Patent Number Inventor Issue Date
6,884,067 Tuneberg 26 Apr. 2005
6,190,166 Sasakura 20 Feb. 2001
5,791,896 Ipenburg 11 Aug. 1998
3,896,549 Wallshein 29 Jul. 1975

DISCLOSURE OF THE INVENTION

Wire bending in classic orthodontic practice is a time consuming but essential component of many treatment procedures. Tooth alignment problems are corrected by applying appropriate bends to a generally U-shaped arch wire. Misaligned teeth are attached to the arch wire by means of orthodontic brackets whose wire receiving slots are used as attachment points, which allows forces to arise which result in a desired reorientation of the teeth over a period of time. The misaligned teeth are tied to portions of the arch wire, which serve to define the proper orientation.

The modes of tooth movement required for misalignment correction are: up-down (extrusion or intrusion), in-out (both movements towards the tongue and towards the cheek side of the mouth), rotation (turning of the tooth in its socket clockwise or counterclockwise), angulation (tilting of the tooth mesially or distally), torque (twisting of the tooth towards the tongue or cheek side of the mouth), and side-to-side tooth movement (lateral).

Present day orthodontic brackets are applied to the teeth by cementing. Each bracket is provided with a slot for holding the arch wire, and top and bottom grooves and tie wings for holding tie wires, the latter being used for binding the brackets to the arch wire. In older techniques, the brackets were first welded to metal bands, the latter were then slipped over individual teeth and cemented in place.

One-piece orthodontic brackets are cast or molded to exert a fixed (“average”) amount of up-down, in-out, side-to-side, angulation, rotation, or torque force. This is done to reduce the extent of manual manipulation of the arch wires.

Since provision has been made for “average” teeth in these fixed systems, there is no allowance for normally occurring differences in dental anatomy or bracket placement errors. Arch wire bending is required to correct the fine alignment problems. Time consuming, expensive iterations are therefore required.

An improved currently available method that eliminates wire bending in orthodontic practice by utilizing a series of miniature tooth positioners that are made with the aid of a computer. This method moves teeth in small increments and requires 22-hours per day of voluntary use. The theory behind this series of positioners is based on the natural anatomy of the teeth, i.e. undercuts of the dentition. The method is slow, relatively inefficient, non-retentive and very limited in its usage.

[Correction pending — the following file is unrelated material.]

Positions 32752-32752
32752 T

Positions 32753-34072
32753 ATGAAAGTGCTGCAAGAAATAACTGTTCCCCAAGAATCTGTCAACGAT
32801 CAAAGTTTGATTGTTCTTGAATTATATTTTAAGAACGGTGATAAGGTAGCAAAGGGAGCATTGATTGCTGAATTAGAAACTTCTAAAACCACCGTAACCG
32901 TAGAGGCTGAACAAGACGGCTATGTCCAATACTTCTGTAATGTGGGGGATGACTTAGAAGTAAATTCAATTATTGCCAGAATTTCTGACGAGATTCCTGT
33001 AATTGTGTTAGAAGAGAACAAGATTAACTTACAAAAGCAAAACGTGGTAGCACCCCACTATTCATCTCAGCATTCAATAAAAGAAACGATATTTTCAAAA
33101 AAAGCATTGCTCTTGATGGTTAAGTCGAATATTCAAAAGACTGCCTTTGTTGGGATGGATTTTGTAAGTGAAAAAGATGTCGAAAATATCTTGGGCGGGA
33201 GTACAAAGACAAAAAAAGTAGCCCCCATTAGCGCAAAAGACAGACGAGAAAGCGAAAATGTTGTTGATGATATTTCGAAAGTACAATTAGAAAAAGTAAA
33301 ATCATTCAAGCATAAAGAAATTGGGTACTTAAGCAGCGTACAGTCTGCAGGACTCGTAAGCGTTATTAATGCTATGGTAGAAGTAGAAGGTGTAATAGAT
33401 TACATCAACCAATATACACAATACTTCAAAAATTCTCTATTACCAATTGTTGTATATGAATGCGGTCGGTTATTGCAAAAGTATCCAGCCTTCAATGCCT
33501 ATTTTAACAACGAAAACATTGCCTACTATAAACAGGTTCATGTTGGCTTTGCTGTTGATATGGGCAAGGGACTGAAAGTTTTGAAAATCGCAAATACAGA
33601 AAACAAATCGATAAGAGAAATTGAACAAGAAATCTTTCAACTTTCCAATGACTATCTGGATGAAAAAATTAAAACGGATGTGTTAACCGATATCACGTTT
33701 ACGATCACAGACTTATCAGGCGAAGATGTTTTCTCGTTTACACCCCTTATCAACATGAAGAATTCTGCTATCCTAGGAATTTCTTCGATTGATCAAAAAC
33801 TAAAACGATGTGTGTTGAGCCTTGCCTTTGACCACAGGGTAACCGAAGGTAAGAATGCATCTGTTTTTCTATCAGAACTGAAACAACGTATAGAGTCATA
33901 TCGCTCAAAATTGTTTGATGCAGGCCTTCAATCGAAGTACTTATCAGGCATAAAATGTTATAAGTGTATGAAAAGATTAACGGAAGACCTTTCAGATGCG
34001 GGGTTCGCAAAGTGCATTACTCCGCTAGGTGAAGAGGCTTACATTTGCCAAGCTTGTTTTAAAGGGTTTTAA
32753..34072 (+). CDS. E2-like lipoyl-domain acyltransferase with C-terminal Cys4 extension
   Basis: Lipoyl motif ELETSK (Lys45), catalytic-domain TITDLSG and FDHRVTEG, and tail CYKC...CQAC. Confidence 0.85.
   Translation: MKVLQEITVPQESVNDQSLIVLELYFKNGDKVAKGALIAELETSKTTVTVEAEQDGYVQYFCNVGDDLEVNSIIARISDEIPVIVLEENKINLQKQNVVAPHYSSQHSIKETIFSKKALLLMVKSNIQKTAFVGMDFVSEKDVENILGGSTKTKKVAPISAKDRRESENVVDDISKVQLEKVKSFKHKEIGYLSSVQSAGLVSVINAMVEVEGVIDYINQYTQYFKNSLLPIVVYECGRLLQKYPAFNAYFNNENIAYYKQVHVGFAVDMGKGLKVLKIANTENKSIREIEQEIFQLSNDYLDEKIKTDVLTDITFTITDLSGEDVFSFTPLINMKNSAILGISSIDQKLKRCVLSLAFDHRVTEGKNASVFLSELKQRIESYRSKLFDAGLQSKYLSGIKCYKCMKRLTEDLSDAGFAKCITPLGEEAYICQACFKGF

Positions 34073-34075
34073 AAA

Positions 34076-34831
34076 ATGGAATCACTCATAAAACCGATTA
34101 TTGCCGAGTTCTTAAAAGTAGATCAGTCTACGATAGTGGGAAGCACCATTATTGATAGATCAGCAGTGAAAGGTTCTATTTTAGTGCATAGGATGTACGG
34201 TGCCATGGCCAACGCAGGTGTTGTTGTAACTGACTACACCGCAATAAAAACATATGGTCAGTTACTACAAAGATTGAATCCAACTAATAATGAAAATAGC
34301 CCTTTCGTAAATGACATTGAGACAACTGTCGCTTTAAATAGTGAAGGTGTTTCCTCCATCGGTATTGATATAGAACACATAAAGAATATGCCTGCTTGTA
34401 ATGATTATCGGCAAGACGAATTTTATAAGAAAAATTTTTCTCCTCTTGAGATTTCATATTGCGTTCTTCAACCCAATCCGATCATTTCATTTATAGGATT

The primary object of the present invention is to utilize new methodology to achieve and control involuntary tooth movement 24-hours a day. A separate attachment device on each tooth is lingual side greatly amplifies the mechanical force applied to that tooth. Each attachment device consists of a prong unit with a bonded base, a neck and a head that is configured square, triangular or irregular. The device is in a computer selected form for each tooth based on models and impressions that were previously made. A second part of the invention consists of a segmented compartment arch which is also fabricated with computer assistance. The arch includes a series of hollow chambers that are spaced along the arch and connected by interproximal material so as to be in close proximity to the intended prong unit. Depending on its orientation and position along the arch, each chamber is capable of exerting force on each tooth that is a carrying prong head: in-out, up-down, angulation, rotation, torque and side-to-side directions.

After a patient has worn the initial arch for a period of time, partial orthodontic movement is achieved. It is a relatively simple procedure to replace the first arch with the next sequentially configured arch by simply unsnapping the prong units and snapping in a new arch. This procedure continues the tooth movement in the next arch increment. When the pre-prepared series of arches have all been utilized, the orthodontic procedure is completed. Because the prong head device exerts a much higher leverage on each tooth than the previously described tooth positioners, the present invention is efficient, capable of handling complex cases, and able to produce detailed and specific individual tooth movement.